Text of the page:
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Cost Effectiveness of Physical Therapy With or WIthout Primary Care

Health care costs have continued to outpace inflation each year.  Our previous posts have detailed the cost savings associated with seeing a Physical Therapist for many musculoskeletal conditions.  In addition to saving health care expenses, Physical Therapy produces excellent outcomes for many musculoskeletal conditions.  A recent review article summarized the cost effectiveness of Physical Therapy alone or with usual care for various health conditions.

Burge and colleagues reviewed the available literature from 1998-2014 and included 18 research articles in their review (Physical Therapy 2016).  The authors found Physical Therapy alone or added to usual care improved health outcomes in the vast majority of studies.  In addition, Physical Therapy alone or in combination with usual care was cost effective for many health conditions.  Patient are encouraged to pursue Physical Therapy interventions for their musculoskeletal complaints to improve outcomes and reduce health care costs.  

Cost Effectiveness of Physical Therapy for Low Back Pain

Low back pain continues to affect many Americans leading to pain, loss of function, missed work days, and higher health care expenditures.  Much of this cost is attributed to the often unnecessary utilization of advanced imaging and procedures such as injections and surgery.  Previous research has shown early access to Physical Therapy without a prior MD referral saves patients on average $1000 per episode of care.  Further cost savings are noted if patients are treated early with Physical Therapy compared to national guidelines advocating a "wait and see" approach for care prior to deciding on Physical Therapy.  

A recent study was conducted to determine the cost effectiveness of primary care management with or without the use of early Physical Therapy for patients with acute low back pain (Fritz et al. Physical Therapy. 2016).  Economic data was collected on 220 patients with acute low back pain who were all treated with primary care management (education, medication) and then randomized to either 4 sessions of early Physical Therapy or primary care management alone.  The authors collected costs (health care treatments, loss time at work) associated with this episode of back pain.  The authors concluded that Physical Therapy was associated with higher quality of life scores at 1 year and was sufficiently cost effective to support its' early use for patients with acute low back pain.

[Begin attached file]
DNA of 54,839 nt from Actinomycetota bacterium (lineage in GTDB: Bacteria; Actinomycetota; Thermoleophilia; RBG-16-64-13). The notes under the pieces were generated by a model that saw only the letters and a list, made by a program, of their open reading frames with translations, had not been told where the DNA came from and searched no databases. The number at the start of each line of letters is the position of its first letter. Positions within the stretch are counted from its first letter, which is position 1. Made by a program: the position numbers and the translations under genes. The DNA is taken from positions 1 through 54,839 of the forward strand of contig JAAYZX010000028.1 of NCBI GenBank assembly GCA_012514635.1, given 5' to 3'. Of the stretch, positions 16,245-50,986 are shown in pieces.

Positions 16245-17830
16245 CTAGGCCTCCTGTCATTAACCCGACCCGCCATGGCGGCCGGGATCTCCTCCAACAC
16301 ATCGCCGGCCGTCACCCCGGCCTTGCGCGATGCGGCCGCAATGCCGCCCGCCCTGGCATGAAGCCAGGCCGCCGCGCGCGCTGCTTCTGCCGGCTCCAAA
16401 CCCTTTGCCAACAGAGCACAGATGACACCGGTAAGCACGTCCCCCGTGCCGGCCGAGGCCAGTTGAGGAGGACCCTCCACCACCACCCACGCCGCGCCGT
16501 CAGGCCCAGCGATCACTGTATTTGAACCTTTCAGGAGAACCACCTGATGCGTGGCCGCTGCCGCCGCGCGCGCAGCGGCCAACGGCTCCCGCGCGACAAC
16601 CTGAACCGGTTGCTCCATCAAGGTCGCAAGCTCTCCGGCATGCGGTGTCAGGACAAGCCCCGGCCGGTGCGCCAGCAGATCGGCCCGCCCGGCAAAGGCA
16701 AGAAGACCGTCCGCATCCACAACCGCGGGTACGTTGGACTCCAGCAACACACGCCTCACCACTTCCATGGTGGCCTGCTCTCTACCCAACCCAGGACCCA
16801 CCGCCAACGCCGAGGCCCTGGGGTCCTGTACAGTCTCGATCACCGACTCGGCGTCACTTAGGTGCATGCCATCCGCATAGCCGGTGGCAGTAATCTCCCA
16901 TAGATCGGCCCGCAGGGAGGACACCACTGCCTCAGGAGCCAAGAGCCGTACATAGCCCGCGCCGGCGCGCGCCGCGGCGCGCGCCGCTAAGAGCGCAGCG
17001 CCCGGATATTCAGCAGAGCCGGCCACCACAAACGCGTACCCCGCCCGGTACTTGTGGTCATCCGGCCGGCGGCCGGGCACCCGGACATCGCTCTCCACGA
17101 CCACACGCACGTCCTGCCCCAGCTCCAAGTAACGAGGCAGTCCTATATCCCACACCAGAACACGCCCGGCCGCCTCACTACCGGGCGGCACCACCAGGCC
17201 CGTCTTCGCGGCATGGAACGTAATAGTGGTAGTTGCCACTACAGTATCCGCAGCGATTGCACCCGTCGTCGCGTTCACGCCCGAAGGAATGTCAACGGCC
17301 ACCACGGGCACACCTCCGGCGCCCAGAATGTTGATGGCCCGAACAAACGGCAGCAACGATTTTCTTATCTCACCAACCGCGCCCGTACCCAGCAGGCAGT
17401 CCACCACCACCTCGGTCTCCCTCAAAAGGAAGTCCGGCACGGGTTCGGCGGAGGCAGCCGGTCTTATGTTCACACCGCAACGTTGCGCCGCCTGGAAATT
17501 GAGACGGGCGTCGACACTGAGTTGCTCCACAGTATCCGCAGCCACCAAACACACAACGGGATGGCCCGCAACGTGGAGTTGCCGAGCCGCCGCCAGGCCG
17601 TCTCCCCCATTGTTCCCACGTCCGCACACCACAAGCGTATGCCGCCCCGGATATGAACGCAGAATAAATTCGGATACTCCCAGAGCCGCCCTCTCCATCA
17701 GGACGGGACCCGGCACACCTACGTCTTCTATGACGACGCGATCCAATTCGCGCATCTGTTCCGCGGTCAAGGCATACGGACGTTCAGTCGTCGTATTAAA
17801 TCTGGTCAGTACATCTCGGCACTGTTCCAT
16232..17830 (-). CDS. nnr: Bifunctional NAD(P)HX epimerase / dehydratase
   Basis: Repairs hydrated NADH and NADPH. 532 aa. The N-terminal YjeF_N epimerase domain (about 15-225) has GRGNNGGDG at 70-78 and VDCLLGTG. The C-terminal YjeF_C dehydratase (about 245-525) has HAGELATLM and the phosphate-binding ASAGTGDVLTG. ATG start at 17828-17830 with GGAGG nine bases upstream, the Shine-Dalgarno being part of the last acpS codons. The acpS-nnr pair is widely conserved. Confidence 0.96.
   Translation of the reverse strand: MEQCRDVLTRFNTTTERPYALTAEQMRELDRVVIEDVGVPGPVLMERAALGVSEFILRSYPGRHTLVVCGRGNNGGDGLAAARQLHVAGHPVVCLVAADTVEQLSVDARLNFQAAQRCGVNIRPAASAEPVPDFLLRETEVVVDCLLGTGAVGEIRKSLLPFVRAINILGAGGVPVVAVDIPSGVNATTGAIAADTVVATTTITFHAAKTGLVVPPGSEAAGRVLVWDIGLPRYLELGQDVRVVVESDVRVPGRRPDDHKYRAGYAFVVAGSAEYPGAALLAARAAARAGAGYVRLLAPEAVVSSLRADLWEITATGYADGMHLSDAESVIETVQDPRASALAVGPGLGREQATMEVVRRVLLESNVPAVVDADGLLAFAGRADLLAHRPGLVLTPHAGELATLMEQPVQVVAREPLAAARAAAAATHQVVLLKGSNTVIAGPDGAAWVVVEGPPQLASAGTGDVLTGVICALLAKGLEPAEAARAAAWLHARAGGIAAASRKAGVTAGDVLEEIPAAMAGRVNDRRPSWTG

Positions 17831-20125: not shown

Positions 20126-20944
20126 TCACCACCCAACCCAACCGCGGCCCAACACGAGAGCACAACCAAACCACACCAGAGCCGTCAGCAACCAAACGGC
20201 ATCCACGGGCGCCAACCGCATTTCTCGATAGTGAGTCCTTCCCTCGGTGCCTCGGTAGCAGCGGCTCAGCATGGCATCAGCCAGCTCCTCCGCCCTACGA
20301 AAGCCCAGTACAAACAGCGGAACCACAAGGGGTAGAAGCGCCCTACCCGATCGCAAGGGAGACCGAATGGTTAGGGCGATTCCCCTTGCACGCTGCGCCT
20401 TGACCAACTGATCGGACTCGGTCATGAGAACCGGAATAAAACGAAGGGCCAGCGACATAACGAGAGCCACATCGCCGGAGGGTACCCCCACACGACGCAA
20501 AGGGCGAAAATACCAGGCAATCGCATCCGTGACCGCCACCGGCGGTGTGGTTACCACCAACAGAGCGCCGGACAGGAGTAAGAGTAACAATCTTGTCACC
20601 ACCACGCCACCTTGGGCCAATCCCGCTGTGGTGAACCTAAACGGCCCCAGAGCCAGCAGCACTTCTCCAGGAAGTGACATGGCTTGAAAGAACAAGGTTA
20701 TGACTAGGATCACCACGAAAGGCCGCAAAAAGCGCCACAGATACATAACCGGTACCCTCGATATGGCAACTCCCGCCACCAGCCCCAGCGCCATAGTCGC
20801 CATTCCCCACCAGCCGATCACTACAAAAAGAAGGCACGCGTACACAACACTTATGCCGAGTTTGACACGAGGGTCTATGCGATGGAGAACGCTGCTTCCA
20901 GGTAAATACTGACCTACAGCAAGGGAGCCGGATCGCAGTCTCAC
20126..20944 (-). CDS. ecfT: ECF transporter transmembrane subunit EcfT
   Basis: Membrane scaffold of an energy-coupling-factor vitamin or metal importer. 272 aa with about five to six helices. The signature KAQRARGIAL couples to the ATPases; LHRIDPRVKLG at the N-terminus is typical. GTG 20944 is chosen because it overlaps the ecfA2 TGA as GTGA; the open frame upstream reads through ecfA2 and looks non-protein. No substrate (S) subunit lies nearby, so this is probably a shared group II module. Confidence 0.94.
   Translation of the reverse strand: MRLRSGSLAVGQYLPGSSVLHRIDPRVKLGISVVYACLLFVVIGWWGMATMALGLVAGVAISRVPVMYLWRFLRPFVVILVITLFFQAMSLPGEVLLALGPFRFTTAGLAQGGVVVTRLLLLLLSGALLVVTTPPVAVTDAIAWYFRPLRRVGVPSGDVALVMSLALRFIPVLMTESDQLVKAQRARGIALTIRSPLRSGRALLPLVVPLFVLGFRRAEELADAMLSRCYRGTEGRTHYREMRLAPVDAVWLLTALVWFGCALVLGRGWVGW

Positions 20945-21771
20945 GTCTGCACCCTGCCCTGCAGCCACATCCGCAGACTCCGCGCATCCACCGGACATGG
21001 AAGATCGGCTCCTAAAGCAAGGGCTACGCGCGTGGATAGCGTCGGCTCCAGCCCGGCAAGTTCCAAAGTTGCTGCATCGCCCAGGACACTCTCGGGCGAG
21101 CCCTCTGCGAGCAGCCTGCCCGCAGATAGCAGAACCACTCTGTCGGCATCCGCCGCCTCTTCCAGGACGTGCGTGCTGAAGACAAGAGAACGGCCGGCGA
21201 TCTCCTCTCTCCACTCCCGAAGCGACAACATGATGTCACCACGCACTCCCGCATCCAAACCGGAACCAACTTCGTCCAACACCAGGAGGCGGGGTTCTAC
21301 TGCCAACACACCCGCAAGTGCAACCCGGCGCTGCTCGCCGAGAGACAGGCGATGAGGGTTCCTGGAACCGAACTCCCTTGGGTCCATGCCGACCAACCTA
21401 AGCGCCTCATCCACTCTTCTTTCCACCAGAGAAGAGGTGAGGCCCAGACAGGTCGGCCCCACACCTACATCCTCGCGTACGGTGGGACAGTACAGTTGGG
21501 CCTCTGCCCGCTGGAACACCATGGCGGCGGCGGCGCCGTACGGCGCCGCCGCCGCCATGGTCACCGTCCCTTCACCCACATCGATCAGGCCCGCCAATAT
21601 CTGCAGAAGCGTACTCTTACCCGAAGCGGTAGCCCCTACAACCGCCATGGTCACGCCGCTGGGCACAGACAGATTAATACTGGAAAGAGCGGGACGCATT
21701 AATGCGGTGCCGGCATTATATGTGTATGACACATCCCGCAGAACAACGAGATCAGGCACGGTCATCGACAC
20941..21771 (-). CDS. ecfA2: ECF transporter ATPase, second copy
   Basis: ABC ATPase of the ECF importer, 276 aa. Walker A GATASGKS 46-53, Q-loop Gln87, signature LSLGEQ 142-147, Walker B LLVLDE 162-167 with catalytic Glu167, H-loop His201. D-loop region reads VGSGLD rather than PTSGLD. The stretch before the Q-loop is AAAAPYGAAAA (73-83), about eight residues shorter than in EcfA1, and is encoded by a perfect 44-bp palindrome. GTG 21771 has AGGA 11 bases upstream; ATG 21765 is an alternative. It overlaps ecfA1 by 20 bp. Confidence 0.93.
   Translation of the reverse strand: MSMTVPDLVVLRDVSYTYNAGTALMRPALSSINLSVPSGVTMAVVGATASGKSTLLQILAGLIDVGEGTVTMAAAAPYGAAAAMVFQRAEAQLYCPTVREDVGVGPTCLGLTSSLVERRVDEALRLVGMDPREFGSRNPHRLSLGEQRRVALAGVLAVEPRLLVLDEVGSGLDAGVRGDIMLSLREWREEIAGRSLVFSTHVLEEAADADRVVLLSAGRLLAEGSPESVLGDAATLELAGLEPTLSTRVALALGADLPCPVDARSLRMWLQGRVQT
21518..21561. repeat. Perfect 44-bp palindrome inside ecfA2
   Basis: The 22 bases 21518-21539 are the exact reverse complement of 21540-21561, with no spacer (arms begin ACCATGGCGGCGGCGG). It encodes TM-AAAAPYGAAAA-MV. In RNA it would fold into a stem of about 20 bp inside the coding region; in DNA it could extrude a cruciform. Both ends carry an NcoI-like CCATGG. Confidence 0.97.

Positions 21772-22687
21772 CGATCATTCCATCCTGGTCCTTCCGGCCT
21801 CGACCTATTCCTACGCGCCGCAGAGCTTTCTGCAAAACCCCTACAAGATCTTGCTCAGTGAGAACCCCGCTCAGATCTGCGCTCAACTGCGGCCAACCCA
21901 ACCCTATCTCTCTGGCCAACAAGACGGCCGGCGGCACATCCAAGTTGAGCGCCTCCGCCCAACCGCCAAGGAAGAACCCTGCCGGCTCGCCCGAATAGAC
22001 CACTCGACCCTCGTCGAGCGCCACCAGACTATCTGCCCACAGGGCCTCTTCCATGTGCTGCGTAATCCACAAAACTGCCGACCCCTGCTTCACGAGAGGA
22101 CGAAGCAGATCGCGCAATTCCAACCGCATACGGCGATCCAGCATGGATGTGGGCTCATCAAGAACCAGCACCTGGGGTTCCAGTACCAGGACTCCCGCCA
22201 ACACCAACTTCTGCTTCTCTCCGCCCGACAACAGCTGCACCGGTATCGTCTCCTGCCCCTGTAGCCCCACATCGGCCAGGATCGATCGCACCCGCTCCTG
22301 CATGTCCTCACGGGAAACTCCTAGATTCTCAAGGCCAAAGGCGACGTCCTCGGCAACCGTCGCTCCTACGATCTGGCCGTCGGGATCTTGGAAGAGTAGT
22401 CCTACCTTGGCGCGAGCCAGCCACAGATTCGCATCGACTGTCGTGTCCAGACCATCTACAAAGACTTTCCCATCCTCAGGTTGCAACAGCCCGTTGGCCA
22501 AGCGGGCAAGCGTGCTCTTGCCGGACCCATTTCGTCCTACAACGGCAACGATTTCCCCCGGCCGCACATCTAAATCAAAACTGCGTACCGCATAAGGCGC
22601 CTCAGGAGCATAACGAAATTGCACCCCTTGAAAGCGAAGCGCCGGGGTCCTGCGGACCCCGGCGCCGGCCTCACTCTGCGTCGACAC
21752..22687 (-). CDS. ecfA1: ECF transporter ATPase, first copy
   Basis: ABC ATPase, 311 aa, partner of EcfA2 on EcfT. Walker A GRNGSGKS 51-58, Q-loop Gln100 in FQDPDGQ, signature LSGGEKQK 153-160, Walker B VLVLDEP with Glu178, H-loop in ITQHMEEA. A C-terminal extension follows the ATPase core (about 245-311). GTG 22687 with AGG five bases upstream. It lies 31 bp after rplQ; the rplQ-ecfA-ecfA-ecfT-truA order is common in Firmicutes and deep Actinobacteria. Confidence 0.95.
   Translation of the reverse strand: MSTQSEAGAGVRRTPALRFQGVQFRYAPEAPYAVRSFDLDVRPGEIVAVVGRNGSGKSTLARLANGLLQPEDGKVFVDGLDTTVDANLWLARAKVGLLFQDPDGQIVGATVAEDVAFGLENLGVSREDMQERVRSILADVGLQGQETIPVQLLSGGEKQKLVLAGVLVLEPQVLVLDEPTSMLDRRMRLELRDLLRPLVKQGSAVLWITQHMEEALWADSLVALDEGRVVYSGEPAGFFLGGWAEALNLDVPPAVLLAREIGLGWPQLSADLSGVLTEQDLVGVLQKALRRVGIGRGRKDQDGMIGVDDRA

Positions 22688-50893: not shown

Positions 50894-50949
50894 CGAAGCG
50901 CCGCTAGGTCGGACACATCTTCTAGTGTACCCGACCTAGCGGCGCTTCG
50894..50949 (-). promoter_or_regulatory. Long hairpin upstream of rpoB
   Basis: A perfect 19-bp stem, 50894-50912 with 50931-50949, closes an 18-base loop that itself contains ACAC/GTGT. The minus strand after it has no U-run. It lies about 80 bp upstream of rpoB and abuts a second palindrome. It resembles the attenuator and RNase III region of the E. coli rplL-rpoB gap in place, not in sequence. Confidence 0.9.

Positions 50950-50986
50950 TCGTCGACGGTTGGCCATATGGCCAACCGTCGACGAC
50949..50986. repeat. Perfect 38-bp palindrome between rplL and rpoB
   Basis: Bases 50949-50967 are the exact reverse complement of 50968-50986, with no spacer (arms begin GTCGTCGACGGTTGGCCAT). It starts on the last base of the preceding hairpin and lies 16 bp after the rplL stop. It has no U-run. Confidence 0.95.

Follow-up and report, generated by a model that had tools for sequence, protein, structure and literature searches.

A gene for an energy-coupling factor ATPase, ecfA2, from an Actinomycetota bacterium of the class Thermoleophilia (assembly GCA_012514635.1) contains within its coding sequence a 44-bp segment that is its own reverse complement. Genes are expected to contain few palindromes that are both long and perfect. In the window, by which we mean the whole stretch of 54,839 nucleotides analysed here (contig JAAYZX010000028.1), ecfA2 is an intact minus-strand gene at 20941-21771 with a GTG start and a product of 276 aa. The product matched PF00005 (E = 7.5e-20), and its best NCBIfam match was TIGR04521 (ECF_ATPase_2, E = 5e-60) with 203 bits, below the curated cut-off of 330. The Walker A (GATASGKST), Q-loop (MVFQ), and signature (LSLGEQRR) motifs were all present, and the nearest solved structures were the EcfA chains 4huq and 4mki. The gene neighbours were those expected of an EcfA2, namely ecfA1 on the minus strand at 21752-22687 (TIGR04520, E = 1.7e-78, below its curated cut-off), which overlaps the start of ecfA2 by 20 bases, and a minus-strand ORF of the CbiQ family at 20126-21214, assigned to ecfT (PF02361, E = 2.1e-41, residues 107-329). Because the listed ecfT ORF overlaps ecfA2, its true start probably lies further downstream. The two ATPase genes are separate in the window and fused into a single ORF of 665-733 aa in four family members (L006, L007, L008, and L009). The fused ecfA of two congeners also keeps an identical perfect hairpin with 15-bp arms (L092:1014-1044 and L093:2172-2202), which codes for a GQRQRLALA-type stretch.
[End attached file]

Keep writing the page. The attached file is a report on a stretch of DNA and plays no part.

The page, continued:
Patients with low back pain are encouraged to seek out the services of a local Physical Therapist to reduce health care costs and improve symptoms and function compared to primary care management alone.  

PT Visits in Physician Owned Practices Comes at a Cost

Patients have a choice for where they attend Physical Therapy even if directed to a single PT practice by their physician. Unfortunately, physician owned physical therapy practices, either on or off site, are on the rise around the country and referrals are being driven to these practices due to financial incentives. These practices often utilize less qualified personnel (aides, technicians) to deliver PT services at a higher cost than independently owned practices. In addition, research shows these practices utilize a higher percentage of passive modalities (ultrasound) inconsistent with current medical research guidelines.